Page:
Just like the creation of Hollywood’s film industry, new media capitals are ‘borrowing’ elements and artists from afar to market genres and technologiesacross cultural divides, such as in Hong Kong. Hong Kong benefits from a lack of censorship and open trade policies and has many economic and cultural flows with China mainland, ensuring a market for the material they create.
In 1993, Huntington coined the ‘Clash of Civilizations’ theory, which he suggests would be informed by ‘cultural essentialism’, reified an Orientalist opposition between East and west and focus our attention on boundaries and containers rather than complex patterns of flow. However, as these media capitals have arisen, it has become clear that not only are our similarities greater than our differences, but cultural spheres are now seen as influenced and not coherent, and constrained entities. They are sights where new patterns of flows are no longer only shared between sovereign states; instead information and influences are spread over cities. Media capitals are Media capitals are “places where things come together and consequently where the generation and circulation of new mass culture forms become possible” (Curtin 2003).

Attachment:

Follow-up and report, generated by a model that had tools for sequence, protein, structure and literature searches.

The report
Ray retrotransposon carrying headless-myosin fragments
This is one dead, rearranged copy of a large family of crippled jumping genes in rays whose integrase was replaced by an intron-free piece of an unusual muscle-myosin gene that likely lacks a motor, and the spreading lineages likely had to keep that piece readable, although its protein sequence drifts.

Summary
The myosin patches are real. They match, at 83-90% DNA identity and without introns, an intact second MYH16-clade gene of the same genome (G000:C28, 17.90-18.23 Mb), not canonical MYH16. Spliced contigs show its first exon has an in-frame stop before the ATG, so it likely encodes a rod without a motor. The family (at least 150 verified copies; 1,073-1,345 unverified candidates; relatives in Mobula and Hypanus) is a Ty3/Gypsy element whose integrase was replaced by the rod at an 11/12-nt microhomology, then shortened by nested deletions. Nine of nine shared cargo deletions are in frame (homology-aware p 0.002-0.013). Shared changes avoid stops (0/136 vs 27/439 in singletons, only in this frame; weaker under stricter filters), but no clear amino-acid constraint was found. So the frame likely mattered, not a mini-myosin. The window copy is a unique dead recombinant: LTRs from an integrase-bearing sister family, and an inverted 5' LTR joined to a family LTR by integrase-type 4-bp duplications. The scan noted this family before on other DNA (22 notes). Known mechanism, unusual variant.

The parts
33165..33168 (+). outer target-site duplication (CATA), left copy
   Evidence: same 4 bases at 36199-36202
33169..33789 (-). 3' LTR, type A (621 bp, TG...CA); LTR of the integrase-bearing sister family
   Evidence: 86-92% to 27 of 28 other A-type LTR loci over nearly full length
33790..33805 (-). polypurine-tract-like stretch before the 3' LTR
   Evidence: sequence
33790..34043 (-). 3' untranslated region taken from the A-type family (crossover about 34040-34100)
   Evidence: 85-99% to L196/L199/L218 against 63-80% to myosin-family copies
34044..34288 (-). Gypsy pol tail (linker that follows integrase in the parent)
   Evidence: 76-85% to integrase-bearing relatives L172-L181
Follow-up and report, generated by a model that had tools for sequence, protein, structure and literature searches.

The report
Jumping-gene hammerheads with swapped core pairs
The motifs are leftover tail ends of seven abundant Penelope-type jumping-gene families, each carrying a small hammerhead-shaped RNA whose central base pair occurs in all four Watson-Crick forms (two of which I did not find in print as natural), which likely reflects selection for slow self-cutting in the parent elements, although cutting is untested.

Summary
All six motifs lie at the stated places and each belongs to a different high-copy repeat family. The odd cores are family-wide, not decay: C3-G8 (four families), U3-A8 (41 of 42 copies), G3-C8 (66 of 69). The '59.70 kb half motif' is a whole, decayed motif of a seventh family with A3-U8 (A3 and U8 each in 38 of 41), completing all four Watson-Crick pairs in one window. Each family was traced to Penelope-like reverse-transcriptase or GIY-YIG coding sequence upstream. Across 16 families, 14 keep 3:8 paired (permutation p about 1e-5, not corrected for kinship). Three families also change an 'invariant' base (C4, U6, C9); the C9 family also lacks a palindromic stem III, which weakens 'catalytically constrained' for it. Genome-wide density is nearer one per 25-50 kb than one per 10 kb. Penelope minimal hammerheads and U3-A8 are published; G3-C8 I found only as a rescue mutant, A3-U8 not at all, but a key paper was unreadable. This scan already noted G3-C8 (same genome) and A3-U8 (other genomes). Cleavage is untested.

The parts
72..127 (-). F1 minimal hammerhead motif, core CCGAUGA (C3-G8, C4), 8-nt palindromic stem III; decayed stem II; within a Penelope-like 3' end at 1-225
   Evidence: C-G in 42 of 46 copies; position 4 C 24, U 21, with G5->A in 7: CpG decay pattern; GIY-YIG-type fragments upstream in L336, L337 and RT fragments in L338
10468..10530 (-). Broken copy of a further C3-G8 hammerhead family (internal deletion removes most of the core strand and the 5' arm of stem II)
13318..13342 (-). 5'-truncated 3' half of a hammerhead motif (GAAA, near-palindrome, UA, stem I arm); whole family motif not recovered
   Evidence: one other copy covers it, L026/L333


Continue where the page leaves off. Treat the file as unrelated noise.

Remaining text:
An example of these flows includes the different TV shows that have migrated around the world. One TV show that has been intergraded into various media cities culture is Big Brother, in which 15-20 are constantly watched by the viewers. This show started in the Netherlands and is now shown in seventy different countries. Since then the show has become a worldwide TV favourite, airing in various countries in a number of versions.
Due to media capitals constant influence from other cities it has been possible to even make regional versions of Big Brother. The contestants in these versions must come from each of the countries in the region where it airs. An example would be the African Big Brother shows, which air in Angola,Botswana, Ethiopia, Ghana, Kenya, Liberia, Malawi, Mozambique, Namibia,Nigeria, Sierra Leone, South Africa, Tanzania, Uganda, Zambia andZimbabwe.
Media capitals are cultural spheres of influences rather than contained boundaries. They have allowed material to flow from city to city, allowing for cultures to form inside their national traditions.
- Monster mayhem: Pacific Rim (fxguide.com)
- “Pirates of the Caribbean” Now Dreams Come True for Lee Seung-hun on Becoming a Part of “Star Wars” (jedimouseketeer.com)
- Digital Domain VFX Sizzle Reel (geektyrant.com)
- Arnold, Primary Renderer for VFX Production! (kettyhuangblog.wordpress.com)
- Chinese property and cinema mogul named country’s richest person (theguardian.com)
- VFX adventures: The Lone Ranger (fxguide.com)
- 13 Indispensable Special Effects Breakthroughs By Industrial Light & Magic (buzzfeed.com)
- The Avengers – Watch Videos about the Oscar-Nominated Visual Effects (capesonfilm.com)
- John Dykstra (en.memory-alpha.org)